BNP predicts adverse events in apical hypertrophic cardiomyopathy
Elevated levels of B-type natriuretic peptide (BNP) may help predict the incidence of adverse events and related outcomes in patients with apical hypertrophic cardiomyopathy (HCM), a recent study has found.
The study included 144 patients with apical HCM, in whom the median BNP concentration was 188.5 pg/mL. Over 9.5 years of follow-up, 23.6 percent (n=34) of the cohort developed HCM-related adverse outcomes, such as sudden death, stroke-related death, non-fatal stroke, and heart failure hospitalization, among others.
The researchers saw that BNP levels at enrolment were significantly higher in patients who did vs did not develop the combined HCM endpoints (334.4 vs 133.4 pg/mL; p<0.001).
Receiver operating characteristic (ROC) curve analysis showed that at an optimal cutoff of ≥226.0 pg/mL, BNP was sufficiently indicative of the study endpoint, with an area under the ROC curve of 0.756, and sensitivity and specificity values of 73.5 percent and 68.2 percent, respectively.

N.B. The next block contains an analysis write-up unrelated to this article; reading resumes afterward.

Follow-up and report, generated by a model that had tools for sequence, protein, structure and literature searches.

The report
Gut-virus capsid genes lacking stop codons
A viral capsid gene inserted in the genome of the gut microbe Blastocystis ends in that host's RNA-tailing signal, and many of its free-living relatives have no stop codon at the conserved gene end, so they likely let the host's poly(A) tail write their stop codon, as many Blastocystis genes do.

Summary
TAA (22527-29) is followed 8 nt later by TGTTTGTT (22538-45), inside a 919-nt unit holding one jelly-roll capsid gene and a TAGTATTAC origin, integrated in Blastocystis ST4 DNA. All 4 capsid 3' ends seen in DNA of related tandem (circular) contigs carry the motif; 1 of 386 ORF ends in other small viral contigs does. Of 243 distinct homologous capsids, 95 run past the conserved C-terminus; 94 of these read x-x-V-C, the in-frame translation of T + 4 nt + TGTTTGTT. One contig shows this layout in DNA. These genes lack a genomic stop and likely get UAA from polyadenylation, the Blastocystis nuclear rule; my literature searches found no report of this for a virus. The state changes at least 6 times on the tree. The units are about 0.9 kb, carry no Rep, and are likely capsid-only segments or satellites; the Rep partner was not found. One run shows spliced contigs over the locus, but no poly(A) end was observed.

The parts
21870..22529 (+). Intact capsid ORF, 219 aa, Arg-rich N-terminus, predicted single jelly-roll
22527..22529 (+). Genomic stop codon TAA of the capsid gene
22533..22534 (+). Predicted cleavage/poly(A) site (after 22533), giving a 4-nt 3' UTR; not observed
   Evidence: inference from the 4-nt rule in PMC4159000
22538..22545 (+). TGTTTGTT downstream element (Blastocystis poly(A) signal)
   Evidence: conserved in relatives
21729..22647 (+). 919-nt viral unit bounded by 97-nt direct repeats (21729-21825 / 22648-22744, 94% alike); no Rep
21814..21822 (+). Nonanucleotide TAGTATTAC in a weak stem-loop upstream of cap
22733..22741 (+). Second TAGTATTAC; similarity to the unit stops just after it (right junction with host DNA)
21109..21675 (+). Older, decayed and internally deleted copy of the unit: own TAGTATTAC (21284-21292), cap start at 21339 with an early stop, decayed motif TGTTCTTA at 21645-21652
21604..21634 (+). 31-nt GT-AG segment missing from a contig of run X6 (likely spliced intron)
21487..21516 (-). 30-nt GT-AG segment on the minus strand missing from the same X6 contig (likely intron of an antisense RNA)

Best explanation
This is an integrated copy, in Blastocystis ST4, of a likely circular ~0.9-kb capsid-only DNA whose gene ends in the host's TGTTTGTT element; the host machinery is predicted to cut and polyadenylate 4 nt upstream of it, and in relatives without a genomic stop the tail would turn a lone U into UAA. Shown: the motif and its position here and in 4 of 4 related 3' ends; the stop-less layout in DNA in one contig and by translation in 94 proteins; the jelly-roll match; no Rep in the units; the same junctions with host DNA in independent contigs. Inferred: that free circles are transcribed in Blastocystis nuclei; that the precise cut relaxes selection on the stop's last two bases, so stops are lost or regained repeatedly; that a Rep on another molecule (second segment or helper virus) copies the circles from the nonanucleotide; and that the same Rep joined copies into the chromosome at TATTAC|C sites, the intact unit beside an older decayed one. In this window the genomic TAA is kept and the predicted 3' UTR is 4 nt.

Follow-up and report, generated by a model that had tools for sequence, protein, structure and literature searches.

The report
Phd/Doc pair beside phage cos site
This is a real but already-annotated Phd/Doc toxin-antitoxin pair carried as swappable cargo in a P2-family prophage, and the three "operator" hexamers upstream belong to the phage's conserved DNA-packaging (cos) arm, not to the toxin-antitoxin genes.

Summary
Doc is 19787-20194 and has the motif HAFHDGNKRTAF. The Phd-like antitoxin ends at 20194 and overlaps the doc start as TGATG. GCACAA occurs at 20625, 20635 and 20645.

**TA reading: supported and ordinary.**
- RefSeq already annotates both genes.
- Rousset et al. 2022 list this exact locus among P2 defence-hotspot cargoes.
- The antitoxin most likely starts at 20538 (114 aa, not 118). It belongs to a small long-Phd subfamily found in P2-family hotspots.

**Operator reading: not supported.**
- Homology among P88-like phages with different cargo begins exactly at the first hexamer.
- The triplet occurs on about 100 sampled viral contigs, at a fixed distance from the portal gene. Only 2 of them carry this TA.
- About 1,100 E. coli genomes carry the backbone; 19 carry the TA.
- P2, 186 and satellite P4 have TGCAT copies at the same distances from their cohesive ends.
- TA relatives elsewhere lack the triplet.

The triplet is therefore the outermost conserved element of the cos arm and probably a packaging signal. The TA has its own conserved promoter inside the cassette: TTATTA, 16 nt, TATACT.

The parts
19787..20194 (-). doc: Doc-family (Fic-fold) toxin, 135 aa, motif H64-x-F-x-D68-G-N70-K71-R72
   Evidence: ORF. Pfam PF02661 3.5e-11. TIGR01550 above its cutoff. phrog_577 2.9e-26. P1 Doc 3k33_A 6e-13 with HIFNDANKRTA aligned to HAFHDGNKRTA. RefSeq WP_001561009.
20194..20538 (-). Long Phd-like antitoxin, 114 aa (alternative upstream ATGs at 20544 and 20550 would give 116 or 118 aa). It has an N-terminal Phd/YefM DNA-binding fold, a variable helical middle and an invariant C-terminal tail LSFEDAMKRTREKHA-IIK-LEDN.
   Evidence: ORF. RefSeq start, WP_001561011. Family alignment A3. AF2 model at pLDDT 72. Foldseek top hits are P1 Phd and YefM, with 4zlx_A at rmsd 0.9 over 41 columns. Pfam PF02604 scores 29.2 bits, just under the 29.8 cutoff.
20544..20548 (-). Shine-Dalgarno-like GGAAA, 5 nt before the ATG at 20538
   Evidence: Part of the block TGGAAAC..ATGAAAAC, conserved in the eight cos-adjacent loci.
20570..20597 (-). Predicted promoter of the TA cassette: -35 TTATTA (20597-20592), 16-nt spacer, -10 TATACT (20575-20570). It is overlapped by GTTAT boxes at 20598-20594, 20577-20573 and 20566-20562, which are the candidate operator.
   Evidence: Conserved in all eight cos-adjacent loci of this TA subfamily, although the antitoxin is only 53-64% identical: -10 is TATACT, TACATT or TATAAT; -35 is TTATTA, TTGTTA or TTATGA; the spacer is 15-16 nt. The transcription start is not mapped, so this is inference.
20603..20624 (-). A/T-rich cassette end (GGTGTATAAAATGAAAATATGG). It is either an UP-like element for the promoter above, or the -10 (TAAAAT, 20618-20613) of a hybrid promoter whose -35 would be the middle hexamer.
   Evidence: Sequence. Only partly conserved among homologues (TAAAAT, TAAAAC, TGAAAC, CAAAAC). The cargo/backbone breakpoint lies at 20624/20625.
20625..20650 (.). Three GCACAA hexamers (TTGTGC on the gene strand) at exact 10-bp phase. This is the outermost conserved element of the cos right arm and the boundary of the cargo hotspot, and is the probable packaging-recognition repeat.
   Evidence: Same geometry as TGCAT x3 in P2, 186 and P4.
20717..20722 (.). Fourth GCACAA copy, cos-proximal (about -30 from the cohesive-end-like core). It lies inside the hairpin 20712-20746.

Twenty-five patients with high BNP developed the combined endpoint over a median of 8.9 years, yielding a rate of 41.7 percent. Of these, there was one case of sudden death, four stroke-related deaths, seven non-fatal strokes, and 10 heart failure hospitalizations. In contrast, only nine episodes (10.7 percent) were reported in the low-BNP participants, over a longer follow-up period of 9.8 years.
Multivariable analysis confirmed that the risk for combined HCM-related adverse events was significantly elevated in patients with BNP >226.0 pg/mL (adjusted hazard ratio, 4.46, 95 percent confidence interval, 2.07–9.61; p<0.001).